Are spreadsheets a true programming language?
Are spreadsheets a programming language if they often need low code solutions to fill the gap between it and software? If spreadsheets are considered a programming language, then it’s the most unique one of them all.
To master it, you have to learn their unique command line (in each cell), R1 notation, and effectively pandas (each spreadsheets own library of functions and tools). And if you’re using Microsoft, you have to learn their suite and VBA. Satya Nadella also calls it a programming language as he does here but most of the world would disagree.
If you do a simple search for “how many people can program” the answer is usually somewhere around 25M and 40M people. This clearly does not include people who use spreadsheets, since that number is more closely to be estimated at around 1 billion people and growing.
In some ways, spreadsheets are actually better than traditional programming languages. The standard A1 notation grid offers several advantages from a programming perspective:
- There is no requirement to name things since everything can be referenced by row and column
- You type implicitly. When you reference another variable/cell, you can just click the cell you are referring to and see the relationship
- There is no “running,” “compiling,” or even “stopping.” (You can turn on “manual calculations” in Excel where you can force this behavior by pressing F9 to “run,” but most people do not do this)
- There is no hidden state to keep track of in your head
- Very easy to bulk edit. Several features within spreadsheets make this possible, but one example is pressing CMD+R or CMD+D to autofill
- Unlike programming, where there are a million ways something can be broken and they can be interconnected (do I have the most updated node module? do I have the right .env file? syntax error? runtime error?), in spreadsheets, aside from a circular reference, errors are confined in the cells that they occur in
On the flip side, there are a few disadvantages to spreadsheets, and these are likely why it’s often not included in the “traditional programming” camp.
- They’re not very reusable — unlike the beautiful ecosystem of sharing code and leveraging online libraries and packages, spreadsheets basically only work for the specific use case they were built for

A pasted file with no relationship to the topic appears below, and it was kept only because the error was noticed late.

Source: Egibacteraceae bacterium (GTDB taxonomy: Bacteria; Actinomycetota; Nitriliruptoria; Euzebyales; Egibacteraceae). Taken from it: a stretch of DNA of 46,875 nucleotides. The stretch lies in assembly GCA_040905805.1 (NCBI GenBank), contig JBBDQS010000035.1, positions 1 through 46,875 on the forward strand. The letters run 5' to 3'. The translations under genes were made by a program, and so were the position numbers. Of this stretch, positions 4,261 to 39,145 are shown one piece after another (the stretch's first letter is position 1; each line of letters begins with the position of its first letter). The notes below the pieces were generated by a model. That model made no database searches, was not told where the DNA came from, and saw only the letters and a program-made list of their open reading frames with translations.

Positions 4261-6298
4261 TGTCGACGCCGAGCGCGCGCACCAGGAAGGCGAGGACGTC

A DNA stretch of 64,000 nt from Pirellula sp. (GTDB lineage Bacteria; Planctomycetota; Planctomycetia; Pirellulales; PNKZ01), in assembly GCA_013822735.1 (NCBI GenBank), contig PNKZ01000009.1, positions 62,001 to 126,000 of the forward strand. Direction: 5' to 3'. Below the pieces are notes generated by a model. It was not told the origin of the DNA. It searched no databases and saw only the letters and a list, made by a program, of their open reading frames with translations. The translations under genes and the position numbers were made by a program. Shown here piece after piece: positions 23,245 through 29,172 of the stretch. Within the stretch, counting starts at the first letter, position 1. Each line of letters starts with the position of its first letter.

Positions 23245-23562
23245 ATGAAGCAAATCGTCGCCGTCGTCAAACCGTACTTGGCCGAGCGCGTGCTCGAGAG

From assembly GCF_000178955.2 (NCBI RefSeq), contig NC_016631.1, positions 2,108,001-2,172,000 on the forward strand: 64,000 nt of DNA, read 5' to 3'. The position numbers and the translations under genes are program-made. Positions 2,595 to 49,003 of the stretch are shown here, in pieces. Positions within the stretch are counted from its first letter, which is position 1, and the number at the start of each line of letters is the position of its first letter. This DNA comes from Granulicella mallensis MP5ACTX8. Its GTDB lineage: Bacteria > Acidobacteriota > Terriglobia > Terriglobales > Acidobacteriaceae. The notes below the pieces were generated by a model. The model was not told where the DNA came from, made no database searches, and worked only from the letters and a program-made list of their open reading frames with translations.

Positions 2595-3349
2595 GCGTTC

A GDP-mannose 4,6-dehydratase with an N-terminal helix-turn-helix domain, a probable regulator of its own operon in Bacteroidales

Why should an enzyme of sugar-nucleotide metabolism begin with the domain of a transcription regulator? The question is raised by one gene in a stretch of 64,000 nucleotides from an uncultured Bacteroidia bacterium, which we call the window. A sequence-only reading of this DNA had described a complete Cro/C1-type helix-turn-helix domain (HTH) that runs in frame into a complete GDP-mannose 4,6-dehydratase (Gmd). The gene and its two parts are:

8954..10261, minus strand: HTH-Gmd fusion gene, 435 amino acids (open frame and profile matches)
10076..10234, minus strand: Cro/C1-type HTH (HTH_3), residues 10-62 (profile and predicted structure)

- The lack of names makes spreadsheets less dynamic/automatic. Most spreadsheets require more manual effort to “update” vs. the same program written in code
- You can see this when a financial analyst updates a model with a new dataset to get an answer compared to a programmer reusing their SQL queries on the new dataset
- There is less flexibility on UI/UX given a spreadsheet’s confinement in a grid. Even though you can technically build Twitter with a spreadsheet, you could never make it look as good
- This admittedly depends on how a spreadsheet or program is built, but debugging tends to be harder in spreadsheets because you must evaluate formulas in every single cell
The other argument is that spreadsheets is more akin to the IDE where you do some functional programming versus being a full on programming language. And in that IDE people generally build things that are “one-off” and not full on “software applications,” which is an important distinction. What people build in spreadsheets today tend to be one off calculations and report that people just start from scratch, compared to software which tends to be “unbreakable,” “composable,” and “reusable.” But does this really disqualify something as a programming language? If I only use Python in Jupyter Notebooks where I start from scratch often, I would still consider my self a programmer…
Even when someone ends up building something less trivial in spreadsheets, the long term result is different than if it was built using real programming. They tend to be less maintainable and have very little documentation with most of the knowledge sitting with the original author. If you’ve ever worked at a company that had a large and complicated Excel file, there is always the expert for it. And if that expert ever left, the file often became useless with the next person only using pieces of it while rebuilding the rest with their own logic.
Lastly, and paradoxically the least and most important point, is that most people I’ve met find spreadsheets to be an “easier” endeavor compared to programming and therefore exclude it as a programming language. Even the best spreadsheet users don’t usually consider themselves as programmers and view it to be an order of magnitude harder (just ask your finance and investment banking friends).
My conclusion is that spreadsheets are a programming language, but not used as such because there is less tooling to make it accessible and the culture behind it is not there. However, in my opinion, I think it’s important to consider it as a programming language universally. Historically, we’ve heard about the shortage of programmers in the US, but that’s because it excluded one of the most popular programming languages in the world. Given how much “easier” people consider spreadsheets to be than programming, improving spreadsheets may be our best bet to make everyone a programmer!
Our goal at Subset is to make this transition happen by providing tools to allow spreadsheets to build more reusable apps and change the culture to one where people share their code and apps for others to reuse. Why is that important? If more people have confidence in their ability to build stuff using spreadsheets as a programming language, it’ll result in a stronger, more creative, and more productive world. Given that there are 750M to 2B spreadsheet users, the impact could be astronomical.
What do you think? Do you think spreadsheets are a programming language?